A study taken from 1991-2004 at the University of Iowa, studying 639 patients with grade 3 or 4 arthritis concluded that ankle injury is the most common cause of ankle arthritis. Trauma was the primary cause of arthritis in 445 patients out of the 639 patients surveyed. That is about 70%. The other 30% was caused by rheumatoid disease and primary osteoarthritis. Symptoms of ankle arthritis include: pain or tenderness, stiffness or reduced motion, swelling, difficulty walking, bone spurs, and instability. No matter what stage of arthritis is present, or if arthritis is just a possible threat in the future, professional care should be sought. Podiatrists everywhere have many surgical and non-surgical options to help cope with the pain, prevent arthritis from over running everyday life, and catch arthritis before it become a problem.
Ankle Injuries: More Than Just an Annoyance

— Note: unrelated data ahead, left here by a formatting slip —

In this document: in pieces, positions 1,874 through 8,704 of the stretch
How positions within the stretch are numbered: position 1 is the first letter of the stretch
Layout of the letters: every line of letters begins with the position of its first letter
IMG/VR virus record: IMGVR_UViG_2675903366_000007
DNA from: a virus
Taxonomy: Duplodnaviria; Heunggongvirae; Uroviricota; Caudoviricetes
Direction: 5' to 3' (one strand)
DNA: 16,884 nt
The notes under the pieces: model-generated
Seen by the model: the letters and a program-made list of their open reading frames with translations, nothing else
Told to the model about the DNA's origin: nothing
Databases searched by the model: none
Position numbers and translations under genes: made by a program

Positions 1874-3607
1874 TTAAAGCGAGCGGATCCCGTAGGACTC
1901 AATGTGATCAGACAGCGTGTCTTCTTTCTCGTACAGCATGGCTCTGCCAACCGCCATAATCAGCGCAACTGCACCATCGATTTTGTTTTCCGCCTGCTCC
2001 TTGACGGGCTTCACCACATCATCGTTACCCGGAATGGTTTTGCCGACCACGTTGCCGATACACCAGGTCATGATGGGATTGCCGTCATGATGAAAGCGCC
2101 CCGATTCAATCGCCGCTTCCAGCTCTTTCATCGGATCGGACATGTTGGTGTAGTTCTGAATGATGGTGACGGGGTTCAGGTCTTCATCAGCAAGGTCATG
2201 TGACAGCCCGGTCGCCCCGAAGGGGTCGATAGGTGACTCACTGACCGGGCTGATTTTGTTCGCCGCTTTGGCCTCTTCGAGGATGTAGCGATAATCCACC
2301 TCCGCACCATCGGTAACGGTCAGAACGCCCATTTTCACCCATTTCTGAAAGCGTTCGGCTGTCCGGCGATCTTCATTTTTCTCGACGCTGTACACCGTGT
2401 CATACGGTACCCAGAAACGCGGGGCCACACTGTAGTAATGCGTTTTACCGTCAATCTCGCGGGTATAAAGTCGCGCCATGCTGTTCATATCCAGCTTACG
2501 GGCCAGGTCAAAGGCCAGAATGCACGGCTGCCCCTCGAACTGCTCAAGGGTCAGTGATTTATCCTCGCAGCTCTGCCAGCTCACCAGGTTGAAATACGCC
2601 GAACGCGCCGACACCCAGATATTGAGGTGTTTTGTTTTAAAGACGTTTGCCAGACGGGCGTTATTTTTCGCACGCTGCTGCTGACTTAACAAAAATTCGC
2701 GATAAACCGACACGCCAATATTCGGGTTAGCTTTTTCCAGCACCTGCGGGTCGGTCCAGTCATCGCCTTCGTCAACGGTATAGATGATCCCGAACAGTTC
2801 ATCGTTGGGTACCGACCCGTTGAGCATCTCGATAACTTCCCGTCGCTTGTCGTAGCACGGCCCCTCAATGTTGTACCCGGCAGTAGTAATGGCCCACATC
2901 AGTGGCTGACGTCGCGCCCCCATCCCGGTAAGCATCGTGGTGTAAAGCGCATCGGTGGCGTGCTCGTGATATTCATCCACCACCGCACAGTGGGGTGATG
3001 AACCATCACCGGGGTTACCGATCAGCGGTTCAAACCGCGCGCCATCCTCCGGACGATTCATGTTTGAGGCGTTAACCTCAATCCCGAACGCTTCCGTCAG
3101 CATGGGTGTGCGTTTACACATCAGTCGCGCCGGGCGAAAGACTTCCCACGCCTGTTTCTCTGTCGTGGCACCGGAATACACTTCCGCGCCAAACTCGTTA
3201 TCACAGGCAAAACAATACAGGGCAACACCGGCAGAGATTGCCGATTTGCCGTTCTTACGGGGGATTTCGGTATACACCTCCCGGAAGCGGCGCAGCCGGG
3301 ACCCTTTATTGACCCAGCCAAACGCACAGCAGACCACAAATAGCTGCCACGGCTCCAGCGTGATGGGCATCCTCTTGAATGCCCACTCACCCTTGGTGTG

Though ankle injuries are painful when they first occur, the long term damage that is caused can be even more detrimental. Ankles that have suffered an injury are seven times more likely to become arthritic that ones that have seen no trauma. Injuries can very in severity and still have the same long term affects. From inconspicuous reoccurring ankle sprains to more seemingly detrimental ankle fractures or broken bones, the damage that is caused is irreversible. Ankle cartilage is quite strong and can usually withstand a life time of movement but when the cartilage gets damaged its cells are unable to be repaired. Cartilage is made to glide smoothly to create movement but when it becomes worn or frayed the movement is not fluid. This leads to swelling, inflammation, and pain in the ankle joints. If proper treatment is not attained after the injury, post-traumatic ankle arthritis could very well occur in the future.